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Where Do You Really Want Microsoft To Go?

Apr 14, 1999, 21:38 (29 Talkback[s])
(Other stories by Paul Ferris)

By Paul Ferris

A lot of press has been generated surrounding the recent benchmark of NT verses Linux by Mindcraft . Everyone is pointing to technical inaccuracies, but few people seem to be noticing something rather interesting:

The benchmark is being done on current software and Windows 2000 isn't even mentioned.

I'd like to add my speculation to the fray of already heated discussion. If there ever was a king of stall-ware, Microsoft is it. They like to announce products far in advance of completion while their competitors are usually shipping functional software, in an attempt to get people to wait until the Microsoft solution arrives.

But, here you have something different. With these benchmarks they have risked bringing people's focus upon Linux and at a rather precarious time. They must feel that they have just about settled their case with the Justice Department, otherwise they would be complaining about Linux and what a blow it is to their competitive edge.

But they aren't, they are focusing on NT 4.0 verses Linux 2.2. Was the Benchmark badly tuned? Without a doubt. But you have to ask yourself why they are risking becoming Linux's new advertising firm, albeit in an unintentional manner, when they are also promising new technology. The new technology we speak of here is not of the NT type, but rather actual new technology in the guise of Windows 2000.

Why do that, when your company policy in the past has been not to even mention a competitors name?

Why? Because Windows 2000 is shaping up to be a real pig, and it won't stand a snowballs chance in a benchmark against an operating system that runs very nicely on old 386 hardware.

When Windows 2000 ships, benchmarks will be a thing of the past for Microsoft marketing people. Up to date benchmarks, that is. You can rest assured that if the Linux community doesn't somehow give them a black eye over this, they will point to these results for years to come. Even when people find that Windows 2000 requires huge resources and screaming processors to provide adequate performance.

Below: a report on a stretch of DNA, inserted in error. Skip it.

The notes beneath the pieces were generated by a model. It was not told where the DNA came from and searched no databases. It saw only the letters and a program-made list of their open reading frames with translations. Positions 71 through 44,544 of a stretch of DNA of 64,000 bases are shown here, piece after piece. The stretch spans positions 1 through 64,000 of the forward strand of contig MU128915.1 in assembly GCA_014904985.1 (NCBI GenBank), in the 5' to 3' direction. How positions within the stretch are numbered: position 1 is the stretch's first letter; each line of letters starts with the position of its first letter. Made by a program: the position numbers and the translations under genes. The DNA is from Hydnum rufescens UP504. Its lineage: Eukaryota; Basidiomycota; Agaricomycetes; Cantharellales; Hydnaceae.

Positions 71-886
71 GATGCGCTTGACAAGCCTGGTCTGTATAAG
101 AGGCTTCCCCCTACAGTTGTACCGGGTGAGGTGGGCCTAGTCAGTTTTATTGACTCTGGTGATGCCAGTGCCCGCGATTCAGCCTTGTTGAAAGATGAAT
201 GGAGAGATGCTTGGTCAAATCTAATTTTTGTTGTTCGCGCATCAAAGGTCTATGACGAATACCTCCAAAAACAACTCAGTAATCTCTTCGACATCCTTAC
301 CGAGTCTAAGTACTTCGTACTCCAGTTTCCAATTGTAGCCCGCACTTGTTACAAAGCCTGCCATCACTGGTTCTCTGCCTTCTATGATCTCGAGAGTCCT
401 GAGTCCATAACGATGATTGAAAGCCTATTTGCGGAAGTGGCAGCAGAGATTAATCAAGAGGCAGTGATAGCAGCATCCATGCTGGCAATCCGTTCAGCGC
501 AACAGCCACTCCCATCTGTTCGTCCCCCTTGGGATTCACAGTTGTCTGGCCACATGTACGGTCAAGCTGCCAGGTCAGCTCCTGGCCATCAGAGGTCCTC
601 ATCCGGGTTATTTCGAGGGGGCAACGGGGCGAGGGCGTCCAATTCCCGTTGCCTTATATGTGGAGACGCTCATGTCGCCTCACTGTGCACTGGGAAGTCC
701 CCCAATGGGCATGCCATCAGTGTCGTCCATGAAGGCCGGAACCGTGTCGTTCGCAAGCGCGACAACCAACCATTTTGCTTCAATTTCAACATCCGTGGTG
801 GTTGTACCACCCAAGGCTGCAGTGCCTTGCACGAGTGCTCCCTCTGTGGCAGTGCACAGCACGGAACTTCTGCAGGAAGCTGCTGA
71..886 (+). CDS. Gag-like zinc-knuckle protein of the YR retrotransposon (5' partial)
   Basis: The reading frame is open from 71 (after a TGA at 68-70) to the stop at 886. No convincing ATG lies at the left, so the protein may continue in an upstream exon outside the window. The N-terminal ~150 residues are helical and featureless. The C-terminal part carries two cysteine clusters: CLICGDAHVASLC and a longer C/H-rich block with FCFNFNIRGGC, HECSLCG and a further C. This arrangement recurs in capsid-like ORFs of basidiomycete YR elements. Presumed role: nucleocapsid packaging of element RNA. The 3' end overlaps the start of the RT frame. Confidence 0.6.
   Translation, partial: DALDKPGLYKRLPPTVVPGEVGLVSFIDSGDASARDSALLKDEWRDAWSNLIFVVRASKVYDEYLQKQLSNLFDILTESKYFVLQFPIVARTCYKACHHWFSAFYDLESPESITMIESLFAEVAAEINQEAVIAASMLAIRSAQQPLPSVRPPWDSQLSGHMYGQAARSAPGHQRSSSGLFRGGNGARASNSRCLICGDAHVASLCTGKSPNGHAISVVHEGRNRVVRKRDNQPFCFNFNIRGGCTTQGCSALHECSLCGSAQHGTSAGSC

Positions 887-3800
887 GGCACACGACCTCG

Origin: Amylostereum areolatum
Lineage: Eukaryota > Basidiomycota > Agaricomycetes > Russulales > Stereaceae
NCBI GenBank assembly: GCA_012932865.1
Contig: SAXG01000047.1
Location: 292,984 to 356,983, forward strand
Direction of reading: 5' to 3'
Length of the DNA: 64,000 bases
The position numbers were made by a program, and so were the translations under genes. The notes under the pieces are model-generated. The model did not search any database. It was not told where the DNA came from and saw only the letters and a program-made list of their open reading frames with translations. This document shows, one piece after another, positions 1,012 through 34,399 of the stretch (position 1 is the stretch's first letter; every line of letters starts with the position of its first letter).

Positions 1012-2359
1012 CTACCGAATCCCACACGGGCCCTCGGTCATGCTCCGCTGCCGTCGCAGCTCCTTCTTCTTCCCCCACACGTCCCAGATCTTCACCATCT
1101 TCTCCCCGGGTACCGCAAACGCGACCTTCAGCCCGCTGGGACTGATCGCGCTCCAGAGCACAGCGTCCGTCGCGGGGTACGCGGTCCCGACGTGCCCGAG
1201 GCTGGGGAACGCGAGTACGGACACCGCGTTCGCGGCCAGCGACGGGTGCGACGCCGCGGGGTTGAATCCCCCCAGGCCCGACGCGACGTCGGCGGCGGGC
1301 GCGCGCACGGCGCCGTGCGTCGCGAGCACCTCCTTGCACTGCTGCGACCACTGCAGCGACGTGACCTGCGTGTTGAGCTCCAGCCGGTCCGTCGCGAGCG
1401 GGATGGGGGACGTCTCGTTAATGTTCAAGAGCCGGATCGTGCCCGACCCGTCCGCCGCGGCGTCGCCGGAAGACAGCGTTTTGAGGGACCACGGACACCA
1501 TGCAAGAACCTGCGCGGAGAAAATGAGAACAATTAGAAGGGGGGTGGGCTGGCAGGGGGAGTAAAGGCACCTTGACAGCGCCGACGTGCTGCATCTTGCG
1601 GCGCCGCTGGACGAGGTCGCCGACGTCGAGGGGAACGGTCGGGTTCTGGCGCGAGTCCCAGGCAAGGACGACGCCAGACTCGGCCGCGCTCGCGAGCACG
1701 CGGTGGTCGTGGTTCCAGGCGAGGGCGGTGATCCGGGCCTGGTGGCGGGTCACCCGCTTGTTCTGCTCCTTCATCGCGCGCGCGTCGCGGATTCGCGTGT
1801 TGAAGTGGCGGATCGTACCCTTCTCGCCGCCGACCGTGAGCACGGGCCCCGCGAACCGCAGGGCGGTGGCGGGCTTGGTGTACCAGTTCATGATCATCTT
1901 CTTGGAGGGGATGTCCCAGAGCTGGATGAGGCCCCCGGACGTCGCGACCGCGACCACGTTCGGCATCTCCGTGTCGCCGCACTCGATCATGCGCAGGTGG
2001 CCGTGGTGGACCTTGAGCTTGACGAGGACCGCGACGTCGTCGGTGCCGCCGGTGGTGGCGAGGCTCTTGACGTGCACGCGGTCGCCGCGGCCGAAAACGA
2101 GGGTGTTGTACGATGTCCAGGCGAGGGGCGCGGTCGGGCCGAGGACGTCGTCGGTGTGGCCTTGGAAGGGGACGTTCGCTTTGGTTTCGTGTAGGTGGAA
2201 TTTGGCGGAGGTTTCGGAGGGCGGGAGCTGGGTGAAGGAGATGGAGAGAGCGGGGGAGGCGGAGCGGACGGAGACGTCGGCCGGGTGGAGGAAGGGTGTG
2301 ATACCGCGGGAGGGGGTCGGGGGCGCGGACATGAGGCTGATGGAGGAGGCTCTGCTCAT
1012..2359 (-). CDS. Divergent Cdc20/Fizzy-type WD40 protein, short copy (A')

How long have they touted Windows NT as C2 secure? Is Windows 4.0 certified C2 secure? No. The C2 security rating was only bestowed upon a special version of Windows 3.5 running on special hardware with networking removed. Many people still point to this rating, even though they should only do it with a nice asterisk by their face, and scrolling text by their chest running the proper disclaimer. And while they can argue that NT is C2 secure and run that disclaimer, I can just as easily argue that in this day and age if it doesn't include networking of some kind it's not an operating system.

It can only be an act of desperation that has brought them here, to this crazy snowball fight in the Linux sandstorm. After all, if you were making klunkers and knew that your next model was going to be even worse, what to do but race now while there stands even a minute chance, as opposed to later, when you know you're going to lose.

The slogan isn't "Where do you want to go tomorrow" after all. It's "Where do you want to go today". Maybe that's the real reason they are so upset with www.linux.de, and have asked them to remove the so-called trademark infringement from their web site. If people ask the latter question, surely the answer won't be a Microsoft solution.

"Where do you want to go today" is a registered trademark of Microsoft Corp.